Wednesday, August 21, 2013

Book on Columbia comedy shorts offers a fascinating glimpse of two-reeler history

                                                                    By Doug Gibson

The Columbia Comedy Shorts, Ted Okuda and Ed Watz’s interesting history — courtesy of McFarland Press — of the 25 years of two-reel comedies the studio generated is fascinating reading if your a genre buff, and interesting even to the fan whose knowledge of Columbia shorts is limited to the several score shorts that starred the Three Stooges. Reading the book, I was amazed at the depth of the comic talent that Jules White grabbed for Columbia over three decades. I was aware of the Stooges, of course, and the former big-name silent stars who worked with Columbia — Harry Langdon, Buster Keaton, Charley Chase, Andy Clyde — but I’d wager very few know of Vera Vague, or Sterling Holloway, or Billie Burke, or Maxie Rosenbloom and Max Baer, or Hugh Herbert, Walter Catlett, Collins & Kennedy, Harry Von Zell, and solo efforts from future Stooges Shemp Howard and Joe Besser, and even Bert Wheeler, plus Wally Brown. All, and more, were under contract with Columbia shorts. (Vague, by the way, garnered two Academy Award nominations, note the authors.)

Okuda and Watz wrote this valuable reference guide before the era of broadband Internet, and YouTube, and Google archives. At that time, only the Stooges were easily available to watch. Others required 16-millimeter film purchases. That’s changed. I can go to YouTube and watch the Columbia shorts of Langdon, Keaton, Clyde, Shemp, Chase, and even catch one of the obscure comedies of Baer and Rosenbloom, which were not available to the authors. In fact, most of Columbia’s other stars failed to catch on in the TV era for two reasons: one, they didn’t have the sheer volume of episodes of the Stooges; and two, nor did they have the fan base. This bears explaining — as enjoyable as the Columbia efforts of Langdon, Chase, Keaton, etc., are, the shorts are not these comics’ best works. Columbia, which under Jules White, stressed loud gags and action, defined the Stooges; many of the others had to adapt to Columbia.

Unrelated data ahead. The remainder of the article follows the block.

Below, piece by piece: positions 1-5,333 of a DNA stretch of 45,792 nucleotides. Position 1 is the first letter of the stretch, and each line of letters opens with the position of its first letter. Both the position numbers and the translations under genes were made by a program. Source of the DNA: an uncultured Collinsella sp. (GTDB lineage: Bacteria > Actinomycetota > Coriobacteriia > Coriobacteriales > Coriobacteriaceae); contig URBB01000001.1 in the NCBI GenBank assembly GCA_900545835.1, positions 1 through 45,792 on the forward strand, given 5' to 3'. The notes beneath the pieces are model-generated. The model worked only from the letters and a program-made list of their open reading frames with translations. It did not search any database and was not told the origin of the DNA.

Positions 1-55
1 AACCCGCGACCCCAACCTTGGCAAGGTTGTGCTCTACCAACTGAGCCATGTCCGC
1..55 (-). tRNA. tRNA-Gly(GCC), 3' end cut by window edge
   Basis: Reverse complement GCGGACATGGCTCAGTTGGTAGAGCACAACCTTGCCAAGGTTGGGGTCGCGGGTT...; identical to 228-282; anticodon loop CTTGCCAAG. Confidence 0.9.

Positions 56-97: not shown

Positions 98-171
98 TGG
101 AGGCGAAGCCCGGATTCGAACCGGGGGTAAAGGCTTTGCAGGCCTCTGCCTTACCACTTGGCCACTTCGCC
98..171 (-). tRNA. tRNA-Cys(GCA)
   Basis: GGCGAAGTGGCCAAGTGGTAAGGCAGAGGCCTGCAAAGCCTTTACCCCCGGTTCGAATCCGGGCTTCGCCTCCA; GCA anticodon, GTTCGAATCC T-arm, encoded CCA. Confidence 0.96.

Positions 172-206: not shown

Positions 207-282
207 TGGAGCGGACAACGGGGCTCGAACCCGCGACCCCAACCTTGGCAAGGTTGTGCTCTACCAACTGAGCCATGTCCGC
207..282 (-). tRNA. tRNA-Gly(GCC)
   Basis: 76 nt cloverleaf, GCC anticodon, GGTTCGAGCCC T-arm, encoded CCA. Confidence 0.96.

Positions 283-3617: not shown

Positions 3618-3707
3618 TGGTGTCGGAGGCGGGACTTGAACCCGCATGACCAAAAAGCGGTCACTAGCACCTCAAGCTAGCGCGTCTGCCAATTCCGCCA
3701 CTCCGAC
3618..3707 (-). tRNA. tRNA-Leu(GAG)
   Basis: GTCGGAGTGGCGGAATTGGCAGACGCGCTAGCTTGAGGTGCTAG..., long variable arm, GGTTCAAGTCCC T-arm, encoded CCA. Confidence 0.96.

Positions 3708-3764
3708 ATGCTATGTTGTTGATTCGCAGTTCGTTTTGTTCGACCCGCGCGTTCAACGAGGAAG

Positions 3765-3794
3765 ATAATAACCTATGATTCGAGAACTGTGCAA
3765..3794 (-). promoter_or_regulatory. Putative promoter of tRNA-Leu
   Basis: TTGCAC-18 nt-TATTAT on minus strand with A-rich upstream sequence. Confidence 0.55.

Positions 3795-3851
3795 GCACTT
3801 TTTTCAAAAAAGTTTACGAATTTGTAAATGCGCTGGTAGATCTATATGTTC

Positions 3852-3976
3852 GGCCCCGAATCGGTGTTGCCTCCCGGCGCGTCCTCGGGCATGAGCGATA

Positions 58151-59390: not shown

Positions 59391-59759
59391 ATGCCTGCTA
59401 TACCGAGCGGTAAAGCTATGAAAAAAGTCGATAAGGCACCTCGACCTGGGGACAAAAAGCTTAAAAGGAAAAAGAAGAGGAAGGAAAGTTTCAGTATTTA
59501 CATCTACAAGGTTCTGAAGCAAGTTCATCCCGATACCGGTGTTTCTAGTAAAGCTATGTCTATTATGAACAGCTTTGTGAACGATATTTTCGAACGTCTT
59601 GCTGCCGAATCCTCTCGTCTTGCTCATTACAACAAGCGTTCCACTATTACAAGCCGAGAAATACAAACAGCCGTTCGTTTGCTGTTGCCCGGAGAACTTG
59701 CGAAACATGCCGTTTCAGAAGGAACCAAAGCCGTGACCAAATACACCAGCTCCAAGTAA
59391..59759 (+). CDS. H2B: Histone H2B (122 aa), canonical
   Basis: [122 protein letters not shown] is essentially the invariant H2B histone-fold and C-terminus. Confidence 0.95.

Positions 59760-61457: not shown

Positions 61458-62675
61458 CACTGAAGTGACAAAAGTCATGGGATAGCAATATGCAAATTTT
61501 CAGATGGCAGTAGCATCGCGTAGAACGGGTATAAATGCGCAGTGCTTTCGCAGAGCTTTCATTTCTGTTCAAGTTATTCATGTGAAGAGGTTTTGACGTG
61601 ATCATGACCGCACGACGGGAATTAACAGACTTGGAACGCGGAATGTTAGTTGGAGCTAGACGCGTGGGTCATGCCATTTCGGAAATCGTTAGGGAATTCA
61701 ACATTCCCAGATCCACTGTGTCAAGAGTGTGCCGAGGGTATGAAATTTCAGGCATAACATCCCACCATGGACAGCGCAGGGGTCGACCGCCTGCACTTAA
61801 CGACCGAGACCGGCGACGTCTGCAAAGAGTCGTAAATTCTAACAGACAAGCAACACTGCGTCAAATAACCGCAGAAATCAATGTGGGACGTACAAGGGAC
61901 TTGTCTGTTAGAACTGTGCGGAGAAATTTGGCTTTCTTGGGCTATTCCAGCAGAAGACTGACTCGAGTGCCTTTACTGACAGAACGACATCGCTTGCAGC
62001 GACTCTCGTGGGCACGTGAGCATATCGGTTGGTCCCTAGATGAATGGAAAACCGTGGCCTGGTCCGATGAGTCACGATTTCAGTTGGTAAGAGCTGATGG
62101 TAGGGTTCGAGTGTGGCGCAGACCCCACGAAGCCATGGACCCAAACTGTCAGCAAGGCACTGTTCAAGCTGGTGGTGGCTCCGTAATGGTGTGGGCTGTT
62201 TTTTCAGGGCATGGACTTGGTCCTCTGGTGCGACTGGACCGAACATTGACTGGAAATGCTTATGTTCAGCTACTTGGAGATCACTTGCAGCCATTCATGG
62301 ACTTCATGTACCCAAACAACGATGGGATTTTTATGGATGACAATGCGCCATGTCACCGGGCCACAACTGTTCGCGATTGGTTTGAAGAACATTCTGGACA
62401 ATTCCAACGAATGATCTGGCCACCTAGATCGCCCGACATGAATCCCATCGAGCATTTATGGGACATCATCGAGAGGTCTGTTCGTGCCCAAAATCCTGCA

This is not a criticism of Jules White, who seemed an amazing man, with tremendous energy and a desire to grab as many comics as he could while at the helm of the two-reeler section of the studio. From reading this book, which benefits from extensive interviews with Jules White, director Edward Bernds and feature player in many shorts, Emile Sitka, it’s apparent that the executives' disinterest in the shorts department — so long as it was making money — allowed tremendous autonomy for White. According to the book, salaries for the stars ranged from $500 an episode to $1,000 (for Keaton), to $1,250 (for Langdon) and to $2,500 an episode for each of the Stooges.

While most of the shorts were heavy on slapstick, White, and also producer Hugh McCollum, sometimes offered more subtle humor, such as Sterling Holloway, popular in the late 40s and 50s. Also, director Bernds was able to complete some shorts that provided more humor than just slapstick. His Stooges’ short, “Micro-phonies,” (watch below) remains my favorite for just that reason, including the opportunity to hear the beautiful voice of Columbia’s most famous comedy shorts woman, Christine McIntyre, who has achieved iconic status as a Stooge player.